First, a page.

Archive for dicembre, 2010

dic 31

/* A truly complicated way to... do it :) */


int main( int argc, char* argv[] )
   int values[] =
      0, 25, 15, 0, 9,
      -89, 46, 23, 18, -87,
      57, 12, -4, 17, -82,
      18, -2, 1, 0, -16
   char c = ( 'N' + 'C' ) / 2;
   int i;
   for( i = 0; i < 20; i++ )
      c += values[ i ];
      printf( "%c", c );
   return 0;

/* Bye */
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I was very busy during the last two months so, as a result, I had little to no time to write something.
Something interesting at least…

During some spare time of the last week,  I built a really simple and cheap headphone amplifier. I needed one because sometimes I like to listen to some sat radio station (especially for news) and I don’t want to leave the TV on only to use it as an headphone amplifier.

I  wanted to keep the complexity low, really low, so I decided to use a pair of ICs instead of four ( one amplifier and one buffer per channel ) or more transistors.
There are various IC audio amplifiers. Some are huge AB class amplifiers able to deliver dozens of Watt to a 4 Ω load. That is not my case, because headphones usually have an impedance of 16 Ω or more.

The one I selected was the National LM386, a small 8 pin IC in a DIL package.
Considering the low output power, there is no need for a heatsink. Moreover, the air inside the case shouldn’t be hotter than the air outside, despite the little heat generated by the voltage regulator.
Using the LM386, only two external cap per channel are required. Without any further component, it’s easy to obtain a fixed gain of 20.

Talking about the PS (power supply), my idea was to use a cheap wall mount PS but, as many people know, sometimes ( *almost always* ) “cheap” means “unregulated-with-an-output-voltage-completely-different-from-the-rated-one”. Furthermore, a PS like that usually have different type and size of plugs, some with inverted polarity ( many devices use a plug with the negative/ground on the outside ).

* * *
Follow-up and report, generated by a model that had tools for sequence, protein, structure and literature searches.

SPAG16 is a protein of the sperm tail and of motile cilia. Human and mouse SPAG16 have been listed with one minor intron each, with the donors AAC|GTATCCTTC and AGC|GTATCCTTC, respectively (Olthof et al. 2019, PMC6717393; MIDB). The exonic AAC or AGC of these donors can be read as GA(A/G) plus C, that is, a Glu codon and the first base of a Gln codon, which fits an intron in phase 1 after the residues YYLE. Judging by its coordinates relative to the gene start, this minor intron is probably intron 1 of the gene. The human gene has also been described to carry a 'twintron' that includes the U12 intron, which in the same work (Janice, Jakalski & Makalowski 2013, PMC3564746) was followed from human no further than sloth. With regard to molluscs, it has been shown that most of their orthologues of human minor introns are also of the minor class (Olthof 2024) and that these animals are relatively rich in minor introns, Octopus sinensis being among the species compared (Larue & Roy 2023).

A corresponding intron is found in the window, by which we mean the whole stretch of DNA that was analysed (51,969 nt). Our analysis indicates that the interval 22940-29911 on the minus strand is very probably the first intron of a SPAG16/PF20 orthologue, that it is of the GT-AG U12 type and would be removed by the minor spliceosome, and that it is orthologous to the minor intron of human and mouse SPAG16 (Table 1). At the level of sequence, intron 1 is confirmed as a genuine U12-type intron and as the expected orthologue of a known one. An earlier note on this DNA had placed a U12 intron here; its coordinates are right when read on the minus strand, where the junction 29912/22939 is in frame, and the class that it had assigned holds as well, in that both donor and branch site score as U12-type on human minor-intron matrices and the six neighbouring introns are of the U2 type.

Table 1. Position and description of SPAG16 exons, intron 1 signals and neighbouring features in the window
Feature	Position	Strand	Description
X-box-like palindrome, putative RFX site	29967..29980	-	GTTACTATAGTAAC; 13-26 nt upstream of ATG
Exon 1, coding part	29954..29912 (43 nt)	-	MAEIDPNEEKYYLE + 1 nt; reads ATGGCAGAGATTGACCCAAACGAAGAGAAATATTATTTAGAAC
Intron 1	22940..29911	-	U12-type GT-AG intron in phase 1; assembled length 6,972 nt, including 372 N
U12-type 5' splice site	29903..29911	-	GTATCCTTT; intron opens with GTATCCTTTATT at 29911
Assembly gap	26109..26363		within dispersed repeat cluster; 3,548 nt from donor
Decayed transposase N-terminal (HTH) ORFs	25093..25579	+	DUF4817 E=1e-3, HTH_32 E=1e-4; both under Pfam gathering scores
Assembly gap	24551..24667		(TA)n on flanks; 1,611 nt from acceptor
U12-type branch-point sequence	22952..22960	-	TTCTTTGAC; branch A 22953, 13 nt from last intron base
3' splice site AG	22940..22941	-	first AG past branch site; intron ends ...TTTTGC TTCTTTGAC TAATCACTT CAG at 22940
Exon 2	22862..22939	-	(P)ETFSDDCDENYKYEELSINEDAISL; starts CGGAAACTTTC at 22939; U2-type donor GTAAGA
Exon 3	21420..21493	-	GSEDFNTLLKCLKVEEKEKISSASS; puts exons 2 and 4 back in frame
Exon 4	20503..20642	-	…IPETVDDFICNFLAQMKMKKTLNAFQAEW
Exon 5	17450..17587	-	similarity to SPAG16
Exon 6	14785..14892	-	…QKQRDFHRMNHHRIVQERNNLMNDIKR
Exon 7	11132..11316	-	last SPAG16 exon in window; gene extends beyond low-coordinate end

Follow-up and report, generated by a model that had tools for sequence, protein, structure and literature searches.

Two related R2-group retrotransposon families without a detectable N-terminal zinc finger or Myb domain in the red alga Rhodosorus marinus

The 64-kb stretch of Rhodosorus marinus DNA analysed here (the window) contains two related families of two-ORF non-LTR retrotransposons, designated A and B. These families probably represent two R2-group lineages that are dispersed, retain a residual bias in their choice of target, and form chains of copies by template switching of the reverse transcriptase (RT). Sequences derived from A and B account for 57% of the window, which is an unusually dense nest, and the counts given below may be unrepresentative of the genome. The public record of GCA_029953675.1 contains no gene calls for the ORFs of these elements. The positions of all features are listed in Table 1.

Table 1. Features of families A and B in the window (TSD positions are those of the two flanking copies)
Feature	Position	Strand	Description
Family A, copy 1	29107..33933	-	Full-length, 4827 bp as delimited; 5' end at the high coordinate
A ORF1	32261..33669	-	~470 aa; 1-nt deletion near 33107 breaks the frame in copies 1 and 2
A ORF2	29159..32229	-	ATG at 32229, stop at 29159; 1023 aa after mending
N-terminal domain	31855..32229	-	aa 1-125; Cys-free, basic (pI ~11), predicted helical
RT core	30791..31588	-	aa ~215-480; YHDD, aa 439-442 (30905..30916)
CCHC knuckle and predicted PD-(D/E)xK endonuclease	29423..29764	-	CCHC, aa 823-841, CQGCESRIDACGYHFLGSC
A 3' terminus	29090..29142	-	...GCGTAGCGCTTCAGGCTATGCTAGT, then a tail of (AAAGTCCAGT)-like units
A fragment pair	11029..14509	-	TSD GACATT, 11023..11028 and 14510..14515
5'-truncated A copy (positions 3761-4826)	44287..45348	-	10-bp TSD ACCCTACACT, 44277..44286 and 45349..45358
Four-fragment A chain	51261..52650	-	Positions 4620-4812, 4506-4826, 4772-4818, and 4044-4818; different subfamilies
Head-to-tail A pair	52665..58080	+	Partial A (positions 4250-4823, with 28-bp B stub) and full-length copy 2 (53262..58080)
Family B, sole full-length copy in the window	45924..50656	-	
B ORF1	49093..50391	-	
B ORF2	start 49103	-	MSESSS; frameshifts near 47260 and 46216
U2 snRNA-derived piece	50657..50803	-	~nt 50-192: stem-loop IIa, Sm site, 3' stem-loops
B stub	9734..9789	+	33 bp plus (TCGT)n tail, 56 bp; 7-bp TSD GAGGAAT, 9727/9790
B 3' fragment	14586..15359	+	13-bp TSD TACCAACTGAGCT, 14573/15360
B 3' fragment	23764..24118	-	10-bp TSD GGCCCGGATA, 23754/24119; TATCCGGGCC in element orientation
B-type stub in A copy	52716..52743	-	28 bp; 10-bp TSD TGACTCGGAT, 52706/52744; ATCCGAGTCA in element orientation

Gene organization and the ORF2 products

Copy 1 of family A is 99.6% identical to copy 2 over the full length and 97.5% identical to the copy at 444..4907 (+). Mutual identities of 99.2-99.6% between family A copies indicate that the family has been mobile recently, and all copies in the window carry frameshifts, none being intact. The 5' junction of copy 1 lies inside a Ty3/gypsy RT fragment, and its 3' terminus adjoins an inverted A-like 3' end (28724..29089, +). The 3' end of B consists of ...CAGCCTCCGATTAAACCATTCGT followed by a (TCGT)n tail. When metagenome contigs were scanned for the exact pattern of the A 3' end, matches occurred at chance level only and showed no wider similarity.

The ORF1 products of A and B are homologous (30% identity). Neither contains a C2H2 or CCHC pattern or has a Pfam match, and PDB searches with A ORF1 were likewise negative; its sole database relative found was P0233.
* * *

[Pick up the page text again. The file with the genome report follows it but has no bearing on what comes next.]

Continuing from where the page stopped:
So my amplifier needed to have its own voltage regulator and at least a diode to prevent damages in the case I or someone else accidentally connect a PS plug with the wrong polarity.

Now lets see the schematic:
Amplifier schematic

  • Vps ( and GND of course ) must be connected to a PS with a minimum rated output of 12 V;
  • D1 could be any 1 A diode, same for D2. 1N4001, 1N4002, etc are perfects;
  • L1 is not essential. Without it I hear a stronger 100Hz noise, depends by your PS;
  • C1 could be smaller or bigger, again depends by your PS;
  • U1 is the standard LM7809 3 pin fixed voltage regulator in the TO220 package. A very small heatsink is ok;
  • The value of C4 is not critical, but should be mounted close to U2 and U3;
  • Lin and Rin are the two audio input from RCA plugs;
  • R1a and R1b are two halfs of the double 100 kΩ potentiometer R1. R1 should be logaritmic;
  • C2 and C3 could be smaller (but equals);
  • About C5 and C6, the larger, the better;
  • R2 and R3 must be equals and not bigger than 8 Ω;
  • Lout and Rout are the output to the jack plug.

Now some technical details:

  • Vps must be greater or equal to 12 V and lower than 35 V. Assuming a 2V drop on U1 and a 0.7 V drop on D1, this lead to a minimum Vps of 11.7 V. As Vps raises, so do the temperature of U1 so be careful about heat generation;
  • The input impedance of the LM386 is 50 kΩ, so the value of C2 and C3 can affect the bandwidth. Keep in mind that usually there is also a cap on the output stage of the audio source, so actually there are two caps in series: the total capacitance is smaller than that of the smallest cap;
  • If you want to add a LED, simply connect it in series with a 1 kΩ resistor between the output of U1 and GND;
  • R2 and R3 are sorta short circuit protection;
  • There isn’t a Zobel network in this project. If you think you need one ( e.g. the amplifier oscillate ), add a 10 Ω resistor in series with a 50 nF cap between the outputs ( before R2 / R3  ) and GND.

I have used many spare parts to build this amplifier, but I think that 15 € should be enough to buy all the components.
Some spaces I left on the board are needed because of the various connectors that are very close to the board itself.

Amplifier board

I used a 0.5 mm solder wire and I made most of the link on the copper side of the board.
I used a plastic enclosure, but if you plan to use a metallic one, beware of ground loops and remember to insulate any plug from the enclosure chassis.
Could be a nice project if you are relatively new in building electronic circuit, but I don’t suggest it as the first circuit to build, because doing problem solving on audio circuit could be really frustrating.

The result (mine) is this, black and only a bit greater than a mouse.
Amplifier compared with the size of a mouse
The front side of the amplifier with the power LED, power switch and the volume knob.
Amplifier front side
The rear side of the amplifier with the RCA plugs, 6.3mm jack plug and the PS plug.
Amplifier rear side


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